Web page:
A Land More Kind Than Home
, was celebrated Monday night at Crook’s Corner as the inaugural recipient of the famed Chapel Hill eatery’s namesake book prize.
The contest was open to first-time novelists whose published works were set in the South. More than 100 writers from across the country competed for the prize, which confers $1,000 cash, bragging rights and, in the fashion of Parisian literary cafes, a glass of wine a day for a year at Crook’s.
“It’s just such a fine novel, period. But for it to be a first novel, I think it really knocks it out of the park,” says best-selling author Jill McCorkle, who picked the winning entry from a field of four finalists. “Also, I’m a sucker for a child narrator. I think it is hard to walk that line, but he never once fell off that tightrope.”
McCorkle is a professor of creative writing at N.C. State University and a member of the Fellowship of Southern Writers. She said that all four finalists produced exceptional books, but Cash stood out for “what he had taken on in terms of point of view and weaving everyone’s history into place. He gave himself a very difficult assignment. It was very ambitious and completely successful.”
Cash’s novel has been described as a tragic ballad rooted in the unquestioning faith of a small community in the mountains of western North Carolina. The New York Times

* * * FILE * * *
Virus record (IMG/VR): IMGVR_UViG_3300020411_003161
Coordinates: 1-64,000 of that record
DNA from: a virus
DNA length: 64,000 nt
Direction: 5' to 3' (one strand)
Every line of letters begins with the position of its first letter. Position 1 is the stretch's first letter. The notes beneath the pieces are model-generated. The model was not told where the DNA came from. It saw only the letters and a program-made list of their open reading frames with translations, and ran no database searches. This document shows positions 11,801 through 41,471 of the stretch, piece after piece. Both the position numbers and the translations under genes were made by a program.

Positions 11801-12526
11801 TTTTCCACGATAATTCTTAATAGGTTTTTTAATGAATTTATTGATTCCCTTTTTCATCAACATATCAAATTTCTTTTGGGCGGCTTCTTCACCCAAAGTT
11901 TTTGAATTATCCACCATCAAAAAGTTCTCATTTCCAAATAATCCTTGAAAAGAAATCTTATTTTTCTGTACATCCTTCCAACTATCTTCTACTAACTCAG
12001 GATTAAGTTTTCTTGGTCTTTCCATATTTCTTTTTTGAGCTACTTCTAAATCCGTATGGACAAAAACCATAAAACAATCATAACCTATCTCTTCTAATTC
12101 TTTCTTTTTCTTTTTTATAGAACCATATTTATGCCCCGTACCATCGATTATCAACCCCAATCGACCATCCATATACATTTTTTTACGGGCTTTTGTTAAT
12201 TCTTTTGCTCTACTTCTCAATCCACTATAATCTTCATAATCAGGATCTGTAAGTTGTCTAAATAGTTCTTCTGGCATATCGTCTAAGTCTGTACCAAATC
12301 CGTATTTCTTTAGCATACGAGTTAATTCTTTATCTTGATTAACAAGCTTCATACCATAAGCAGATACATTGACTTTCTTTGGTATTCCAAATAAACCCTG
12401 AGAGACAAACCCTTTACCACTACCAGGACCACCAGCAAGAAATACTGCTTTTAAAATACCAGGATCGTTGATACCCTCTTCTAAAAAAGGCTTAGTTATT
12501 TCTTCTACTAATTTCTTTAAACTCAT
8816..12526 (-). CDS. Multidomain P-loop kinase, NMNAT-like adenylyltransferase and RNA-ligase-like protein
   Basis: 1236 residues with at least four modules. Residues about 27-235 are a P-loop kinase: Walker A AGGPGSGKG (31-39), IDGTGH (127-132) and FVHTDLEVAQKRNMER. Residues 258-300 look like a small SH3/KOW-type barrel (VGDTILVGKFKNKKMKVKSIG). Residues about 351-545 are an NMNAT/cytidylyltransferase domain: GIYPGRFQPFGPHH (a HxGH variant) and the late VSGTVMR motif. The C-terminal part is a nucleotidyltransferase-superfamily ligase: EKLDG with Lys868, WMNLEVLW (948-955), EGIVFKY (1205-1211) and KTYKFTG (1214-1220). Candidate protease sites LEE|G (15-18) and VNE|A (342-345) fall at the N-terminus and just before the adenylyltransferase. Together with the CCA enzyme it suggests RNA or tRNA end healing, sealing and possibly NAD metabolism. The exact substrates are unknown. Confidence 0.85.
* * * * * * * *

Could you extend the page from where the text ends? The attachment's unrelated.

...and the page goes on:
chose it as “Notable Book of the Year” for 2013, describing it as “mesmerizing … [an] intensely felt and beautiful story.”
For his well-drawn sense of place, Wiley earned rapturous comparisons to Flannery O’Connor and William Faulkner. The Richmond Times-Dispatch
took its description of the chilling page-turner a step further: “[It] reads a little as if Cormac McCarthy decided to rewrite Harper Lee's To Kill a Mockingbird.”
McCorkle says Cash represents a distinct voice in new Southern literature. She was similarly impressed with his second novel, This Dark Road to Mercy.
“Wiley Cash is the kind of writer who could take you into any situation. These people happen to be Southern, but emotionally, these stories could be anywhere,” she says. “I’m always looking for that story that transcends the place and the period to deliver an emotional truth that anybody, anywhere would understand. I think that’s the goal of fiction.”
Entries are now being accepted for the second annual Crook’s Corner Book Prize, which will be judged by writer Randall Kenan. Author of the award-winning Let the Dead Bury Their Dead
, Kenan is a professor of creating writing at UNC Chapel Hill.
Jill Warren Lucas is a freelance writer in Raleigh who blogs at Eating My Words. Follow her at @jwlucasnc.
Wiley Cash of Wilmington, author of